I’m a NE CASC Postdoctoral Fellow at the University of Massachusetts, an ORISE Fellow with the U.S. Geological Survey, a Consultant Conservation Biologist with Terwilliger Consulting, a Research Scientist at the University of Connecticut, and a Subject Editor at the journal Avian Conservation and Ecology.

I consider myself an integrative ecologist and generally study how disturbance, like climate change and habitat loss, affects the distribution and extinction risk of birds and other animals. Additionally, I do research in the fields of science communication and education.

Aside from ecological research, I’m an advocate for diversity, inclusion, and equality in science, and am personally a first-generation college student, disabled military veteran, single-parent, and member of the LGBTQIA+ community. I sometimes write about social justice issues in science, like this article on the barriers to open science and how remote postdoctoral jobs can be a tool for more inclusiveness in STEM. I believe Black Lives Matter and that it is my role, as a white, cis-male, to use my privilege to the benefit of those not as privileged as I am. While it certainly benefits science and conservation to be diverse, inclusive, and equitable, I believe it is just the right and just thing to do and needs no further justification.

Additionally, I am a science communicator and regularly write, perform, and appear on podcasts to discuss science, conservation, and being a scientist.

I hang out with my daughter in my spare time, and we often spend time outdoors birdwatching, metal detecting, fishing, and rockhounding. I also enjoy restoring vintage items, such as cast iron pans, furniture, and watches. I also have two cats who have been keeping me company during this pandemic. Please follow me on Twitter if you feel like it – @KRBurgio!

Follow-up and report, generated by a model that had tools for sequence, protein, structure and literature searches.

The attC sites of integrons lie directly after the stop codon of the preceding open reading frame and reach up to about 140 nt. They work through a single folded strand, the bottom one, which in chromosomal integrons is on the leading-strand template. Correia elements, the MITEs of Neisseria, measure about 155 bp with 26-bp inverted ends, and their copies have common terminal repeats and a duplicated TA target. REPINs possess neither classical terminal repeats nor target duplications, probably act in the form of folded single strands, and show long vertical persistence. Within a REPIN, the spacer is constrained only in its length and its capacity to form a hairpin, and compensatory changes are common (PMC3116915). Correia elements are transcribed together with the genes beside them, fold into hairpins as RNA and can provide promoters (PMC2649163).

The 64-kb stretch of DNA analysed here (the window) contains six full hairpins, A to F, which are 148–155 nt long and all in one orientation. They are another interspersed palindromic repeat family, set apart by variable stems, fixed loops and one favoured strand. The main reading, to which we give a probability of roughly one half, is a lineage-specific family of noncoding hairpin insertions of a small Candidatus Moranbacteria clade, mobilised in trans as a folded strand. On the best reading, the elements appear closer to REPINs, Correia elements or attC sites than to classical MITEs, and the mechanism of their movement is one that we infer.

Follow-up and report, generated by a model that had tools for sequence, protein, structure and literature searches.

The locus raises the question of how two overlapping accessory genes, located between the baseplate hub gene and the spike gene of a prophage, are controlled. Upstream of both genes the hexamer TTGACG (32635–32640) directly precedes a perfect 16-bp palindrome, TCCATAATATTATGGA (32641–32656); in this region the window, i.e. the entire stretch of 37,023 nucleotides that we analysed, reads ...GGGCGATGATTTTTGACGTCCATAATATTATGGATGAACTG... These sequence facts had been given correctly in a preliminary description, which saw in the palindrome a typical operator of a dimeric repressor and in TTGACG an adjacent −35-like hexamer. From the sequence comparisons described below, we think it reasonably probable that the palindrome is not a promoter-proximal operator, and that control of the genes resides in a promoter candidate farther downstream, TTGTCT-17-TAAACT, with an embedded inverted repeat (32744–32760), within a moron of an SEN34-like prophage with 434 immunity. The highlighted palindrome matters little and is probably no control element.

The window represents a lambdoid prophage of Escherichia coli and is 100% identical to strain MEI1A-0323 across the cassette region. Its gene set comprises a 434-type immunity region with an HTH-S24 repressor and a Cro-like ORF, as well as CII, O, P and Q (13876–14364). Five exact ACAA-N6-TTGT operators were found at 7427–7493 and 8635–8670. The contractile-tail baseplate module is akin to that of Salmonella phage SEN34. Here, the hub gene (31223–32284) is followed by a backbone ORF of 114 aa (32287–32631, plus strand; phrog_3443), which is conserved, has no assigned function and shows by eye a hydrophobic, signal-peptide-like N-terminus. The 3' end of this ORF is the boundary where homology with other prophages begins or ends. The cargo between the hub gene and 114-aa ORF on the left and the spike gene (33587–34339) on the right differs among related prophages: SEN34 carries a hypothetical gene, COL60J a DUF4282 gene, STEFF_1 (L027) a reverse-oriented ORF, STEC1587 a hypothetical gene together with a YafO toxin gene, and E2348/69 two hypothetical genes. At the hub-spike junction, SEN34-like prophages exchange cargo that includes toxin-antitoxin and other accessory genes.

5 Responses to About

  1. Joe Kubeck says:

    I am sure I saw a pair of the parrots in Guilford Ct. drinking out of a puddle. It was about 15 years ago. There were two so I don’t think it was an escaped pet.

    Liked by 1 person

    • kevinburgio says:

      You very likely saw Monk Parakeets, a species originally from South America but started building up populations in coastal Connecticut and many other places in the world after so many pets were released or escaped. I did my undergraduate research on populations in West Haven and Stratford!


  2. Craig says:

    We’ve had a flock of 15 – 20 birds that look just like your parrots near Lyons,
    CO every spring for a few days each year for 15 years. They don’t hang around long but look exactly like the Carolina Parakeets. FYI


  3. Jane says:

    I’m a bird watcher also. Your aunt Jean was telling me about you today and I was very impressed. She works for my mother


Leave a Reply

Fill in your details below or click an icon to log in:

WordPress.com Logo

You are commenting using your WordPress.com account. Log Out /  Change )

Facebook photo

You are commenting using your Facebook account. Log Out /  Change )

Connecting to %s